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A nation must think before it acts.
Last year, I lectured to a visiting class of new generals and admirals from the People’s Liberation Army (PLA) at the National Defense University in Washington. My briefing presented my research on why major conflict in the next ten years was more likely than in the past two decades. One of the factors discussed in the course of my hour-long lecture was the reemergence of great power competition and the shift in the international order from a unipolar structure to a less stable multi-polar system. The briefing discussed the so-called “Thucydides’s Trap,” employed by Harvard University Professor Graham Allison. Famous for his early analysis of the Cuban Missile Crisis, Allison has had a distinguished career as a scholar, a policy practitioner in the Pentagon, and as Director of the Belfer Center at Harvard.
The “trap” involves the structural stress perceived by the interactions of a rising power whose ascension might displace a power which is waning relative to the newcomer. In his classical account of the Peloponnesian War between the Greeks, Thucydides is translated as saying that the war was “inevitable” due to the growth of power in Athens and the fear it caused in Sparta. To Allison, the rising power becomes an upstart with expectations of increased status that borders on hubris, while the established polity ponders its decline with some discomfort and fear. The dialectic between these perspectives creates a “trap” that leads to war.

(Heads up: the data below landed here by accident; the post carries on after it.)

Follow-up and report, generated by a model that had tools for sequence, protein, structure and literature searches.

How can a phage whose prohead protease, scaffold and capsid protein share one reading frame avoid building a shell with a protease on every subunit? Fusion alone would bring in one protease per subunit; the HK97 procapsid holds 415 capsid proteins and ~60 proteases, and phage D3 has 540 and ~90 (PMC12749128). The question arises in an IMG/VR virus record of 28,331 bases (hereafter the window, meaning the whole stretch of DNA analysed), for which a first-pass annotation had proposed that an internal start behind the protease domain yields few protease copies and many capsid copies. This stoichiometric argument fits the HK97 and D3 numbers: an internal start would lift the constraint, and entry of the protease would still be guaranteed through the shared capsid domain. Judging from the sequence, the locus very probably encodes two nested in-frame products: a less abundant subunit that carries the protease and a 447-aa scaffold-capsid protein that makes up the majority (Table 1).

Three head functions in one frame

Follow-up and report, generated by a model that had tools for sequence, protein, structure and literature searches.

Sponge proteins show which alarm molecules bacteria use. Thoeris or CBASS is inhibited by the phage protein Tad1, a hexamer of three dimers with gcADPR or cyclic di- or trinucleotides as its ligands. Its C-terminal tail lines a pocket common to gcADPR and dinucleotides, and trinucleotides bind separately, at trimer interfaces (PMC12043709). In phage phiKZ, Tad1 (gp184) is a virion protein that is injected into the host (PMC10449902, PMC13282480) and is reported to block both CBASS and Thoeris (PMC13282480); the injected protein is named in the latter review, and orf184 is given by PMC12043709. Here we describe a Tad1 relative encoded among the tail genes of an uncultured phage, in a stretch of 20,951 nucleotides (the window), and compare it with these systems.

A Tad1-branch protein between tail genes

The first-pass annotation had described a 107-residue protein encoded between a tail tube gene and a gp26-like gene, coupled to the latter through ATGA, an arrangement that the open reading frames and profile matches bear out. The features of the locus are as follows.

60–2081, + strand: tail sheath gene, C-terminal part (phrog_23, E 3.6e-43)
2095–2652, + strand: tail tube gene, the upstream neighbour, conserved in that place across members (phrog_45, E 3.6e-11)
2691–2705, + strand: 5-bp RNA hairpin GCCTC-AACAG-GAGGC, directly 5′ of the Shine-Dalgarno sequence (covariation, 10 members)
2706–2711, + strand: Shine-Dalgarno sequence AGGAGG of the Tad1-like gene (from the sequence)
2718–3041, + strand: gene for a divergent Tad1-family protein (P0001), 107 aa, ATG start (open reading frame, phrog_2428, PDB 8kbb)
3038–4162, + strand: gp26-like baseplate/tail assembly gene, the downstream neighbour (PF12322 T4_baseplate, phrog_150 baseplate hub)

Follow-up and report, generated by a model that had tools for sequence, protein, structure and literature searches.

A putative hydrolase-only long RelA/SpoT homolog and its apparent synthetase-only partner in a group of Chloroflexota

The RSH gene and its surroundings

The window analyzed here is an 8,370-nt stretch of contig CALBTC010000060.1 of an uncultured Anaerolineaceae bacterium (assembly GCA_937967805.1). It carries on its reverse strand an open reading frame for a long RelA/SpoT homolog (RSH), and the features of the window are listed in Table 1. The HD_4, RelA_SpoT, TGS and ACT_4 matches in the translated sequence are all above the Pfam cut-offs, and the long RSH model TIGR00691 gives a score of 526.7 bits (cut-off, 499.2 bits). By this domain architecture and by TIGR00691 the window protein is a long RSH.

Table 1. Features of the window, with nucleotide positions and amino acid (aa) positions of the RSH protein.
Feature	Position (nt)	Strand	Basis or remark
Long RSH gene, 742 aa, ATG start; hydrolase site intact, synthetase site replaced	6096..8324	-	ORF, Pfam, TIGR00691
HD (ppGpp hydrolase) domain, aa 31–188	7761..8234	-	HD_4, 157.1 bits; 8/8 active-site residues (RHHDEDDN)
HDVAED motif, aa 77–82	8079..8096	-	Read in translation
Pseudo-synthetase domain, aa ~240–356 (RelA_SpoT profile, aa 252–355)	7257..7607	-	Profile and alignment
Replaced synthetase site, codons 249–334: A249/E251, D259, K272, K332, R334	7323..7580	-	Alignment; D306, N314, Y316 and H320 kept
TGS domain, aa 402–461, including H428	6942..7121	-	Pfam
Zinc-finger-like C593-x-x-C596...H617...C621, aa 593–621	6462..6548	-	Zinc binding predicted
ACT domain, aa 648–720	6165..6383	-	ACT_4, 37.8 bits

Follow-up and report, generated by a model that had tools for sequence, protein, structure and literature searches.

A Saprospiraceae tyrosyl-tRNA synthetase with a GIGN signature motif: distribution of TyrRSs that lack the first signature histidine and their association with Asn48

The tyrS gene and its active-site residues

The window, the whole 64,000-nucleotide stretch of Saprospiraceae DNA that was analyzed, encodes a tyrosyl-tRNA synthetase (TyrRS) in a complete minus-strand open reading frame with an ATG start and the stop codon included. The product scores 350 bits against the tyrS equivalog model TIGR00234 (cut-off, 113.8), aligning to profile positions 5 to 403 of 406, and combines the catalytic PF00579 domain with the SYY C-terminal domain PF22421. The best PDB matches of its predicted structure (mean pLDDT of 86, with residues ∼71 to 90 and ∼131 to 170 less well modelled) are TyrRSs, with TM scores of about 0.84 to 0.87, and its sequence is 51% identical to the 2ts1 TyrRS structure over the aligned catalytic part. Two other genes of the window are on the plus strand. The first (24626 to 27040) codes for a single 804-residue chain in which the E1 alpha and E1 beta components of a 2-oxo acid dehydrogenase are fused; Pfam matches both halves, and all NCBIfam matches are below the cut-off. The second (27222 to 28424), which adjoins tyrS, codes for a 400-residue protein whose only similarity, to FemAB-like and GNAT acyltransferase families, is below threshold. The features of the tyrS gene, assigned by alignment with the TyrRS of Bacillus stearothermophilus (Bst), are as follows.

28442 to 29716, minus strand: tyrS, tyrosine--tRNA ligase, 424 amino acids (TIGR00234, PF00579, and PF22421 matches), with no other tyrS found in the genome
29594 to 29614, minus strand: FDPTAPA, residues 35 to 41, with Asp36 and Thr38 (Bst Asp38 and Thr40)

The students had my briefing notes translated in advance, and previously held classes in Beijing on Allison’s argument and I was assured they would be prepared to respond. The presentation was expected to stimulate these rising PLA stars into an open discussion about Asia-Pacific stability.